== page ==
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In recent months, Spanish Prime Minister Pedro Sanchez has held numerous meetings with fellow EU officials in an effort to get governments to join Spain in recognising Palestine as a state. He reportedly pursued this project at the EU level but faced opposition from Germany and other countries, before deciding to build an international coalition instead. EU foreign policy chief Josep Borrell announced last week that Spain, Ireland and Slovenia planned to symbolically recognise a Palestinian state on May 21.

Ireland has backed two-state solution since 1980

Ireland’s support for an independent Palestinian state also has deep historical roots. In his capacity as chief secretary for Ireland in the late 19th century, the British politician Arthur Balfour opposed Home Rule. Then, as British foreign secretary in 1917, he issued the Balfour Declaration, which announced the support of the British government for “the establishment in Palestine of a national home for the Jewish people.”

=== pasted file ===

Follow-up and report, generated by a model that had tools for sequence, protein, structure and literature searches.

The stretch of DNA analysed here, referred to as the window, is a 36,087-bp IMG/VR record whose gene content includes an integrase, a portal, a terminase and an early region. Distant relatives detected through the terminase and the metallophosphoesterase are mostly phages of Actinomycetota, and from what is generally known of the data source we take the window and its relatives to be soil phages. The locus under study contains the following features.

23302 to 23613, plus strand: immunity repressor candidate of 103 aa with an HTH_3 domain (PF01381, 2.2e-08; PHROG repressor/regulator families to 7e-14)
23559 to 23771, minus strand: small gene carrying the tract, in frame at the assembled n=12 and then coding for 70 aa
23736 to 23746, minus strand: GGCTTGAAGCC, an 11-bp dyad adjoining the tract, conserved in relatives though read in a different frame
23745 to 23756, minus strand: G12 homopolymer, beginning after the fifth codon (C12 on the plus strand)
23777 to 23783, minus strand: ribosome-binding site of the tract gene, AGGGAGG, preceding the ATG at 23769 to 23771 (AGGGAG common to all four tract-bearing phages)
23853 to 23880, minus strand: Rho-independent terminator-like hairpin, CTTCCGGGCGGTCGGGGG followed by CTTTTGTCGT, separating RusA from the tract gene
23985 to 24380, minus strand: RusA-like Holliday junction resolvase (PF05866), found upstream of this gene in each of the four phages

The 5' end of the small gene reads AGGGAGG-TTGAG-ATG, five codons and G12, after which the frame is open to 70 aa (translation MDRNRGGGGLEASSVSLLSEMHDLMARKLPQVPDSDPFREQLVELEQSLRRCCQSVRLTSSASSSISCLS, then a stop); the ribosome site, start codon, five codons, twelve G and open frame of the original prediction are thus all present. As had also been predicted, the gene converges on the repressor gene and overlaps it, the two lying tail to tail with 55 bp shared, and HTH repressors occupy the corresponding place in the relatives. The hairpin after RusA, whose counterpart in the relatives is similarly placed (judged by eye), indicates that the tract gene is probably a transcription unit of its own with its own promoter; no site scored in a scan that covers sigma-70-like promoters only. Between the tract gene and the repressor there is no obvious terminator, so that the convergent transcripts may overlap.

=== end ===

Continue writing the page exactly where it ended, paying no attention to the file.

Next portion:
After Britain took control of the territory as the Ottoman Empire collapsed, the government deployed Black and Tans — the very police force that had so brutally suppressed Irish aspirations for independence — to the region.

Parallels have been drawn between the arrival of European Jews in a region that was predominantly Muslim and the settling of Protestants in heavily Catholic Ireland. Given the expulsion of Palestinians after 1948, some Irish people see commonalities between the establishing of the state of Israel and their island’s own colonial legacy.

When Simon Harris took office as Ireland’s head of government in April, Sanchez was his first EU counterpart to visit, driven by a desire to coordinate their joint initiative on Palestine. The Irish government said it has advocated a two-state solution with a fully sovereign Palestinian state since 1980 — longer than any other EU state.

Malta, Norway may also join initiative